Locking in Microsoft SQL Server (Part 5 – Why do we have deadlocks)

We already know why blocking occurs in the system and how to detect and troubleshoot the blocking issues. Today I’d like us to focus on the deadlocks.First, what is the deadlock? Classic deadlock occurs when 2 processes compete for the resources and waiting on each other. Let’s take a look on that. Click on each picture below to open them in the different window. Let’s assume that Orders table has the clustered index on ID column.Let we have the session 1 that starts transaction and updates the row from the Order table. We already know that Session 1 acquires X lock on this row (ID=1) and hold it till end of transaction

Now let’s start session 2 and have it update another row in the Orders table. Same situation – session acquires and holds X lock on the row with (ID = 2).

Now if session 1 tries to acquire X lock on the row with ID = 2 , it cannot do that because Session 2 already held X lock there. So, Session 1 is going to be blocked till Session 2 rollback or commit the transaction

It worth to mention that it would happen in any transaction isolation level except SNAPSHOT that handles such conditions differently. So read uncommitted does not help with the deadlocks at all.

Simple enough. Unfortunately it rarely happens in the real life. Let’s see it in the small example using the same dbo.Data table like before. Let’s start 2 sessions and update 2 separate rows in the table (acquire X locks).Session 1:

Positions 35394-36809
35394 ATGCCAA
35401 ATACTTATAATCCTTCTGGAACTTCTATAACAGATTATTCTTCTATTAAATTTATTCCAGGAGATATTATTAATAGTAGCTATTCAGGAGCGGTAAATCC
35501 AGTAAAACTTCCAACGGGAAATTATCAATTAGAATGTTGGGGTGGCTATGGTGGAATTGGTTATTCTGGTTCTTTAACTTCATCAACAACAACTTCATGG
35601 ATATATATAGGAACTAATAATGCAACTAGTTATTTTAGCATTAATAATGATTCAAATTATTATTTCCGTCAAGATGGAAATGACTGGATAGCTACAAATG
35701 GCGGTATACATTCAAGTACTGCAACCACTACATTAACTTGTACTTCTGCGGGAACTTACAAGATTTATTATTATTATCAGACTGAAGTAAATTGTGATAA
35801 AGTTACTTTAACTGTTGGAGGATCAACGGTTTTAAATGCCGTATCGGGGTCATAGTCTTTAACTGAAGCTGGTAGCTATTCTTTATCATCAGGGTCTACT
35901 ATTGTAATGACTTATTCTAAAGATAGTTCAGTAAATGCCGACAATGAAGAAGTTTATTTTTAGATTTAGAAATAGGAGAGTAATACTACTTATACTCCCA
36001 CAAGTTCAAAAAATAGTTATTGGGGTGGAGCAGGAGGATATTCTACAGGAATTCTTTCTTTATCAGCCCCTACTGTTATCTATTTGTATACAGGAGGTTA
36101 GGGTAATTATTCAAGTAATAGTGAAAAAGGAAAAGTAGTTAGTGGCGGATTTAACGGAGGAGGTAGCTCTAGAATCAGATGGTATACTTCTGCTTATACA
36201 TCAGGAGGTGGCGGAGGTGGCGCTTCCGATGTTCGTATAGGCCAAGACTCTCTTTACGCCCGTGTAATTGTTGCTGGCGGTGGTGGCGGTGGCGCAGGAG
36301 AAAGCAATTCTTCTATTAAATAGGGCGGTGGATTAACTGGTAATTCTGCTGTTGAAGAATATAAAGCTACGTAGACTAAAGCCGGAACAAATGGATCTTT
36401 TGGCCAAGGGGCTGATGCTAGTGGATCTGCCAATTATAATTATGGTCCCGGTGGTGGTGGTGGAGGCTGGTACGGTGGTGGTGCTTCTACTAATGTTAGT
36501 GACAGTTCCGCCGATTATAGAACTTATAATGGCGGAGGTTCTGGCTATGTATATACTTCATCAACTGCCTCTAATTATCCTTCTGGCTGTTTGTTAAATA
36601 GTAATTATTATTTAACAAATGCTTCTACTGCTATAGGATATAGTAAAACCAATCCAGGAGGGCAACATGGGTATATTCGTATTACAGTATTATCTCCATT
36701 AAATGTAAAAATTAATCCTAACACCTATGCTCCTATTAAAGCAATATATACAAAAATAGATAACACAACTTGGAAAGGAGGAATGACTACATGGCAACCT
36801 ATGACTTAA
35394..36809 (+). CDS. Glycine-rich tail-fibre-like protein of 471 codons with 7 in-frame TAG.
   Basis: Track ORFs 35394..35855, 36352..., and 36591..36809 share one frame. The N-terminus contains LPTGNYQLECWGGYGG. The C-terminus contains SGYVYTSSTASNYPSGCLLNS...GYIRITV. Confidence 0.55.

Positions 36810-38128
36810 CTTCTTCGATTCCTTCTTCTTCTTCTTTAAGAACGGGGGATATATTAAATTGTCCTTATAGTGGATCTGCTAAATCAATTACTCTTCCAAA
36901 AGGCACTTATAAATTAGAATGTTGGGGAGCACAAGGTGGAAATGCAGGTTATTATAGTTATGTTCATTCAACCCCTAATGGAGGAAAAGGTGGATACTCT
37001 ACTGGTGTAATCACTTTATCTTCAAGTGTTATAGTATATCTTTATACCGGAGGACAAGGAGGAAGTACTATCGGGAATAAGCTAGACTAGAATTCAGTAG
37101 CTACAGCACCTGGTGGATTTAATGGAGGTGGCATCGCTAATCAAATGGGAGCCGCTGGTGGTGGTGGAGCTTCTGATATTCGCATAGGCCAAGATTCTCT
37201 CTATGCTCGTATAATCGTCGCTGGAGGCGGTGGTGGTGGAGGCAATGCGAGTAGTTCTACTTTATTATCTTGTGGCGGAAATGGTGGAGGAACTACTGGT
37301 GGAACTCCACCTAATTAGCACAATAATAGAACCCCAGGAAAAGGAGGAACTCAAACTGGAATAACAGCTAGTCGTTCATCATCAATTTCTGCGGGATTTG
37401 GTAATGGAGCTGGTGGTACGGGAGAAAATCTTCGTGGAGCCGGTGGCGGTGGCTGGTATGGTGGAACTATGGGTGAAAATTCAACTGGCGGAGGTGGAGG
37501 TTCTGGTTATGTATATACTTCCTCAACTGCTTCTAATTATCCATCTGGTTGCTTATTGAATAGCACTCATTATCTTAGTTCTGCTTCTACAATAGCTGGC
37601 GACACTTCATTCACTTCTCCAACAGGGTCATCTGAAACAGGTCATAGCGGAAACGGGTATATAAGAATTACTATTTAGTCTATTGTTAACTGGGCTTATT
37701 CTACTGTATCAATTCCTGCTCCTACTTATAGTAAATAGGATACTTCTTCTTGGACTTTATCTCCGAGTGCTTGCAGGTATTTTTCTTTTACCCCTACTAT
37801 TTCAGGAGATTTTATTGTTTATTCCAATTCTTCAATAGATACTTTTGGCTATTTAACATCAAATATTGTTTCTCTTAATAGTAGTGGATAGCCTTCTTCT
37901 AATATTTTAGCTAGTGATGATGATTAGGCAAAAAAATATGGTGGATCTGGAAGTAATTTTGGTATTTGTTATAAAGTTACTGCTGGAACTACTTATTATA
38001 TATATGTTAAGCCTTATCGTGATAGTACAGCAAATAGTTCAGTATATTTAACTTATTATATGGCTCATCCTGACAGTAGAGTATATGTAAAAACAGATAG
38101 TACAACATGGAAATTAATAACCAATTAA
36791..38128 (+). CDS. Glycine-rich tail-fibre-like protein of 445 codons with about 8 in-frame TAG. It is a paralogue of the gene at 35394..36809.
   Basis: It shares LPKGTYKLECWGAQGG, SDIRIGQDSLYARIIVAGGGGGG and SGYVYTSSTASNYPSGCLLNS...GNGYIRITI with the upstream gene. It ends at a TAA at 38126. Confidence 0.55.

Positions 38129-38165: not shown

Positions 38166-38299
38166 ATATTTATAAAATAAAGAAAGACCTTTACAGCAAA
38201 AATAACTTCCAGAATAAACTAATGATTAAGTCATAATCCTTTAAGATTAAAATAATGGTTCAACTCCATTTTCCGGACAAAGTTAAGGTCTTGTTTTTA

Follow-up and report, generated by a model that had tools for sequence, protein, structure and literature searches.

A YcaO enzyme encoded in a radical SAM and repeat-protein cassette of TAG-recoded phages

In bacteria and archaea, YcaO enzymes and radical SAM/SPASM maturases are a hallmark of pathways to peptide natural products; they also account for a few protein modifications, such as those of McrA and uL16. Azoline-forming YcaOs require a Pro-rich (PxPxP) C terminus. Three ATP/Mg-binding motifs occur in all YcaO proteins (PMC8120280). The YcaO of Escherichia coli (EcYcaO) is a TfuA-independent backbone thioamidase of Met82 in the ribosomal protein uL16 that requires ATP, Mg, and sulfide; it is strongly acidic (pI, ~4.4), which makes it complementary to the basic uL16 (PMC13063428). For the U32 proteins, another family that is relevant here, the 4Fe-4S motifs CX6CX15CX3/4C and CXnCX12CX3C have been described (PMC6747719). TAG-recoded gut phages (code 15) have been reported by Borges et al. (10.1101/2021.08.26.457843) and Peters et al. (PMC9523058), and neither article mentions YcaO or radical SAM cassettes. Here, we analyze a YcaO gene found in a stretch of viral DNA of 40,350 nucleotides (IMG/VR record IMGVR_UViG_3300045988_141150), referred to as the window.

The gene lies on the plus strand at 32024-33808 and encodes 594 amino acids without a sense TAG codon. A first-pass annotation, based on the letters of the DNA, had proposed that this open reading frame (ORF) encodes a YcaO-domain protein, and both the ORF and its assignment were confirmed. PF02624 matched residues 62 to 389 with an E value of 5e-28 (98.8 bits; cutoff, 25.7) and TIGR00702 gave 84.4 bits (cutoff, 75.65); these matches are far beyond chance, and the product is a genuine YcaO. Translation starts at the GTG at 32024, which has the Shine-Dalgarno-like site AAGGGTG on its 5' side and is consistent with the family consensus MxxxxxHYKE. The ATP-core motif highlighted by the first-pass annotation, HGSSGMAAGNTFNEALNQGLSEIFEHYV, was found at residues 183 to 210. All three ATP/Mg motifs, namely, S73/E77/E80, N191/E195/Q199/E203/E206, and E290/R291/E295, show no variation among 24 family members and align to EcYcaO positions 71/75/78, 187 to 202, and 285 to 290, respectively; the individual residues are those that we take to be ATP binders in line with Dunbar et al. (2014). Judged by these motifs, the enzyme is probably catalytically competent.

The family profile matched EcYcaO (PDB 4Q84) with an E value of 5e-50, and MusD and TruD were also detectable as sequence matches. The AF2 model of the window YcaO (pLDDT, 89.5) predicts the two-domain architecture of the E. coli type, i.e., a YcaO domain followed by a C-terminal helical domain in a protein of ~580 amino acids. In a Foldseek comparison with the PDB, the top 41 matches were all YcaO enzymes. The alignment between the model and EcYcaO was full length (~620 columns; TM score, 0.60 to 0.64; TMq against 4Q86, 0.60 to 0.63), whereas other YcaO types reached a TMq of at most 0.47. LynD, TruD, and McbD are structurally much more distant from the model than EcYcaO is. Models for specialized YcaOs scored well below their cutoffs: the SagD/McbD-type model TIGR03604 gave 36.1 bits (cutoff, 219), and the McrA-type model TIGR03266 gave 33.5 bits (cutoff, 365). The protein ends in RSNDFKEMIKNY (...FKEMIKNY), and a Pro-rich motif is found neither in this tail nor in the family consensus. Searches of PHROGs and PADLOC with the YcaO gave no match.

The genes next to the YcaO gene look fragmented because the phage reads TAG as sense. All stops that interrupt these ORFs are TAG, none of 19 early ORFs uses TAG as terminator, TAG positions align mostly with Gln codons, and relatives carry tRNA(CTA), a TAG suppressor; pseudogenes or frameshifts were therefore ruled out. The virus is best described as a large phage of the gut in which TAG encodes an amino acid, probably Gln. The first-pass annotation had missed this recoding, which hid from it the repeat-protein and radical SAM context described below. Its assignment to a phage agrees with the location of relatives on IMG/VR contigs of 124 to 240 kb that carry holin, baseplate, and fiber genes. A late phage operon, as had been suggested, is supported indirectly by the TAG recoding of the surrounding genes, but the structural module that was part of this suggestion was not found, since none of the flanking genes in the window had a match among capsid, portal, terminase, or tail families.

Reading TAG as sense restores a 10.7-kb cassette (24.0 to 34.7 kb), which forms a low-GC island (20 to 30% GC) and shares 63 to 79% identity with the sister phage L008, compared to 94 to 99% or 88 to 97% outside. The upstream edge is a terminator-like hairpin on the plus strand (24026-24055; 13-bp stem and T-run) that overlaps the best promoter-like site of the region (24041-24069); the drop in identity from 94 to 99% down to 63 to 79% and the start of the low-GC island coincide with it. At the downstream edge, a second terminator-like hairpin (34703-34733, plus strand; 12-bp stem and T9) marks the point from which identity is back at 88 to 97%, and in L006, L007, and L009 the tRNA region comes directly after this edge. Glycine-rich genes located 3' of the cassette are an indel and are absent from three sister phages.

Session 2:

Now let’s run 2 selects.Session 1:

Session 2:

Well, as you can see, it introduces deadlock.

To understand why it happens, let’s take a look at the execution plan of the select statement:

As you can see – there is the table scan. So let’s think what happened

  1. First of all, we have 2 X locks on the different rows acquired by both sessions.
  2. When session 1 ran select, it introduced table scan. In read committed, repeatable read or serializable isolation levels, readers issue shared S locks, so when session 1 tried to read the row with ID = 40000 (X lock held by session 2) – it was blocked.
  3. Same thing happens with session 2 – it’s blocked on the row with ID = 1 (X lock held by session 1).

So this is the classic deadlock even if there are no data updates involved. It worth to mention that read uncommitted transaction isolation level would not introduce deadlock – readers in this isolation level do not acquire S locks. Although you’ll have deadlock in the case if you change select to update even in read uncommitted level. Otimistic isolation levels also behave differently and we will talk about it later.So as you can see, in the real life as other blocking issues deadlocks happen due non-optimized queries.

Next week we will talk how to detect and deal with deadlocks. Source code is available for download

Part 6 – How to troubleshoot deadlocks

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  1. Pingback: [翻译]:SQL死锁-死锁排除 - SQL Server - 开发者

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